Every little helps (except when it means mortgages)

Tesco won’t be offering mortgages in Ireland despite rolling out a full host of financial services, this is also a departure from the UK proposition in which they are included, something we covered nearly four years ago.

Bothered? Maybe not, but you should be because any market with a functional duopoly is unhealthy, we saw for instance how AIB increased their rates and for 2 or 3 hours their prices were the same as BOI, but then BOI co-incidentally increased their rates by 25 basis points on the same day so the pricing difference occurred once again.

Why would Tesco decide not to enter the Irish market? They claim it’s regulation, one doesn’t need a Professional Diploma in Compliance to realise that much of our regulation is identical to the UK and in foundation is primarily based upon it, …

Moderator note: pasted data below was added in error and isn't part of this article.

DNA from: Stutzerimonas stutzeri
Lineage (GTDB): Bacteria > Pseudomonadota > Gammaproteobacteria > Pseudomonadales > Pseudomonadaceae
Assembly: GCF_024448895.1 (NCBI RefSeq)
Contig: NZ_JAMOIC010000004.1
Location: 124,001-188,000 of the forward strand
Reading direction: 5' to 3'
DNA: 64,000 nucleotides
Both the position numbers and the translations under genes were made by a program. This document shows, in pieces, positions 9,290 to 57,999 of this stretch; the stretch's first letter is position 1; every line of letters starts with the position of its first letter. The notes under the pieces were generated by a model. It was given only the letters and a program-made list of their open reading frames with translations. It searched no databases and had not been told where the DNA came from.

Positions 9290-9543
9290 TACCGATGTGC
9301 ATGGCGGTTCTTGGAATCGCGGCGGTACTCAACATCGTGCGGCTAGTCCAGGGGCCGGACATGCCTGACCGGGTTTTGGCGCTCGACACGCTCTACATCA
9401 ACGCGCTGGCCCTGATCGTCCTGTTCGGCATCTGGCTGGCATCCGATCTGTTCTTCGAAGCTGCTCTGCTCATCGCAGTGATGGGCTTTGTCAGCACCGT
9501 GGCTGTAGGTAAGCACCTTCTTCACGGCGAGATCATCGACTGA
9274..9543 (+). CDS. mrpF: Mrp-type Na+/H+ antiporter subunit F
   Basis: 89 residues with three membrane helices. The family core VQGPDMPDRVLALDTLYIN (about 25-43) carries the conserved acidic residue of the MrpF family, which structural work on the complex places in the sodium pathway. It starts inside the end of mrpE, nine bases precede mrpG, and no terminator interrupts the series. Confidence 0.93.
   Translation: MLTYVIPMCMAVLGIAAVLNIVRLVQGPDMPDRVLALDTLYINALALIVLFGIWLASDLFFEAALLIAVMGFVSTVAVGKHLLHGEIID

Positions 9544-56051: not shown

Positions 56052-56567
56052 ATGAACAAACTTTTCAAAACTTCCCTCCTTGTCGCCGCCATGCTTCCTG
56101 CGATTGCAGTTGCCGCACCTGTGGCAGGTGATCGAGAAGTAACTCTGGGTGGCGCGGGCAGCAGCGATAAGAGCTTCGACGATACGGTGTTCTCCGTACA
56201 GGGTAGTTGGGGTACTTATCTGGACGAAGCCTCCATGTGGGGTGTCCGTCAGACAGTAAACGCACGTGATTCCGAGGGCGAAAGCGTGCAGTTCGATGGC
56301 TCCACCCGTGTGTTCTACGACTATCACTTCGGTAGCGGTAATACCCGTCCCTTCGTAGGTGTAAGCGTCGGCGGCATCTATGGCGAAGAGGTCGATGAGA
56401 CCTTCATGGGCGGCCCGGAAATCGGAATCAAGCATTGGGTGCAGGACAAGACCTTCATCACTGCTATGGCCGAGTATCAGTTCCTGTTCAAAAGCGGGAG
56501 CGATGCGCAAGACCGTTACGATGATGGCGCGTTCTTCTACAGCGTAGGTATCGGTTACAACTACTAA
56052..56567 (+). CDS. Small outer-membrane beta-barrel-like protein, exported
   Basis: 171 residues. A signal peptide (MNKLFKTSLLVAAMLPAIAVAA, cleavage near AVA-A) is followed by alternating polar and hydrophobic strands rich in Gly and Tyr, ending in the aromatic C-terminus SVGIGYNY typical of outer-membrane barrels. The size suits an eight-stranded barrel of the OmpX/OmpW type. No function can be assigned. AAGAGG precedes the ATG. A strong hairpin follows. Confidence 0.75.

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Dichotomy in property – apartments versus houses

The recent liquidation sales have possibly started a new trend in the property market in Ireland, one whereby there is an increasing divide between the valuations in different types of property, we have long been saying that the only market worth considering is non-apartment second hand homes in cities, the liquidation sales have reinforced this belief.

While we may be part of Europe, when it comes to living spaces we believe that Irish people favour houses to apartments, we have not crossed that particular Rubicon just yet and unlike our European counterparts, there is still a wish to own the land under the dwelling, over time this may change, but with the exception of the bubble-times the overwhelming mortgage for a first time buyer was used to purchase a house and not an apartment.

The situation regarding the property market in Dublin (for instance) will likely be one where apartments are seen as a totally separate market, in the past many newly built apartments were not priced on a totally dissimilar basis to houses of comparable square footage in the …